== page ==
CHARLESTON, W.Va. -- When I heard about the Gazette's sesquicentennial tribute to West Virginia, I advised that the sports section cover simply be of the NBA logo. Over it could have been this simple, yet cocky headline: "Our guy."
In regard to athletics, the Mountain State doesn't need anything more than Jerry West, a native of Chelyan. Our favorite sports son lit up WVU. He lit up the NBA. His shadow is in the NBA logo. He is the logo.
In order to show humility to other states, we probably should just stop there. If you check out the list of West Virginia's sports stars and compare it to those of other states - at least on a per capita basis - we rock, plain and simple.
It's truly an embarrassment of riches. Yet, hey, it's birthday No. 150, right? Time to celebrate, right?
In sports we can look back at the excellence we've produced. And not only has there been excellence, but pizzazz. Our stars do things with flair.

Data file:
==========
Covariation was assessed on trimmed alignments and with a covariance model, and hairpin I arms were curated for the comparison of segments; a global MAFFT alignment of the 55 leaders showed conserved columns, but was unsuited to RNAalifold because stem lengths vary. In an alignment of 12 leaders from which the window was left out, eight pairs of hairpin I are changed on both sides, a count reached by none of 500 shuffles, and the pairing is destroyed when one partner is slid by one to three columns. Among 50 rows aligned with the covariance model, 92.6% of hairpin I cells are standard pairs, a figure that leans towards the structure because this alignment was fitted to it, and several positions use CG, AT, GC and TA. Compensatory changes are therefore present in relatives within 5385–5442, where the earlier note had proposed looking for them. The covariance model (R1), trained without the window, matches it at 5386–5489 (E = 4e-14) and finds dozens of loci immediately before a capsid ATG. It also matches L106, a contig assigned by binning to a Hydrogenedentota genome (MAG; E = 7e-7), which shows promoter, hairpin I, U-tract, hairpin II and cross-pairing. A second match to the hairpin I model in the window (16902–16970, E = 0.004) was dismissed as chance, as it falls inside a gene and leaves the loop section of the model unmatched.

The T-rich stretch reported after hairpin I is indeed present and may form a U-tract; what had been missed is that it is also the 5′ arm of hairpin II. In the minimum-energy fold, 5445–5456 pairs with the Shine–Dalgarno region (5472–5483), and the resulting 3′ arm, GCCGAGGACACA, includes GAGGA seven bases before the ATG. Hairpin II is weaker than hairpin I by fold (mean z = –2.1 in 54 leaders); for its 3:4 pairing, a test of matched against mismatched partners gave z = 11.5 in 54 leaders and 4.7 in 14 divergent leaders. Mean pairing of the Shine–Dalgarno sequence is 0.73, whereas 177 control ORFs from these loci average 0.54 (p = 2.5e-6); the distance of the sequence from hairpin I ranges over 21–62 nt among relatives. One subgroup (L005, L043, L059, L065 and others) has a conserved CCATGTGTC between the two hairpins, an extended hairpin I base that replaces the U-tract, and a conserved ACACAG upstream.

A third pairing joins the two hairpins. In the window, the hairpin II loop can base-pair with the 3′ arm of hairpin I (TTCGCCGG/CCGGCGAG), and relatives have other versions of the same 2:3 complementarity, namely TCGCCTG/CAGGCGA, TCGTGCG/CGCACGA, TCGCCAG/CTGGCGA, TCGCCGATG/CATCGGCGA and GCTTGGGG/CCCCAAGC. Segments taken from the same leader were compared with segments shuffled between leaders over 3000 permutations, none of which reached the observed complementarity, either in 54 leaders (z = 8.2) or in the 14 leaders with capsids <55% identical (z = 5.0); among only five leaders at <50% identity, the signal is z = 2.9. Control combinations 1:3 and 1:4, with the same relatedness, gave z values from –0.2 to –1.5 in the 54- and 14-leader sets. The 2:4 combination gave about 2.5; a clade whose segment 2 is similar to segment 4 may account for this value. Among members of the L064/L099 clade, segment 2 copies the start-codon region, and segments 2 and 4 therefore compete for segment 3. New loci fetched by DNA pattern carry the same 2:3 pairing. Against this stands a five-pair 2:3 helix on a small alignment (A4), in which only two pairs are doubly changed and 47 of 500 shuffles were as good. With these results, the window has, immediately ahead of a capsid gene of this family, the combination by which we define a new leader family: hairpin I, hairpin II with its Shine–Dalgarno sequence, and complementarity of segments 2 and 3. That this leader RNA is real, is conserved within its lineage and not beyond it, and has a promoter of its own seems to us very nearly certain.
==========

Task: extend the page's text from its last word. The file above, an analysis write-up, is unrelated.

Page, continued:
The only man to ever win the NBA Finals MVP award from a losing team is West. And the only man to be named the Super Bowl MVP from a losing team is Wheeling native and WVU grad Chuck Howley.
Sometimes I wonder what the rest of the country would have done without our stars to liven things up.
Farmington native and WVU star Sam Huff jump-started the NFL with his "violent world."
Rand native Randy Moss has been shaking up the league for years.
Consider what Fairmont native Mary Lou Retton did for the sport of gymnastics.
Charleston's own Anne White wasn't a tennis player on the level of Serena Williams, but no one at Wimbledon will forget her spandex white body suit. Ever.
Golf? Despite the protests of Hot Springs, Va., we're claiming Sam Snead. No one had more flair than Slammin' Sam.
In hoops, we had not one, but two of the top 50 all-time NBA players in West and Hal Greer. We gave the NBA flashy players like Hot Rod Hundley, Jason "White Chocolate" Williams and O.J. Mayo.
It's almost not fair to the other states to list all. Greenbrier East standout Bimbo Coles played on the 1988 Olympic team. I'll briefly mention Tamar Slay, Patrick Patterson and Bill Walker.
Princeton's Rod Thorn nearly ran the NBA. Buckhannon's Chris Wallace was the general manager of the Boston Celtics and is now with the Memphis Grizzlies.
Oh, and the guy that coaches Kobe Bryant and the Los Angeles Lakers? Mike D'Antoni? He's from Mullens.
This is a state, folks, where legendary college football coach Bobby Bowden couldn't make the grade. (Remember, though, his sons, coaches Terry and Tommy Bowden, grew up here.)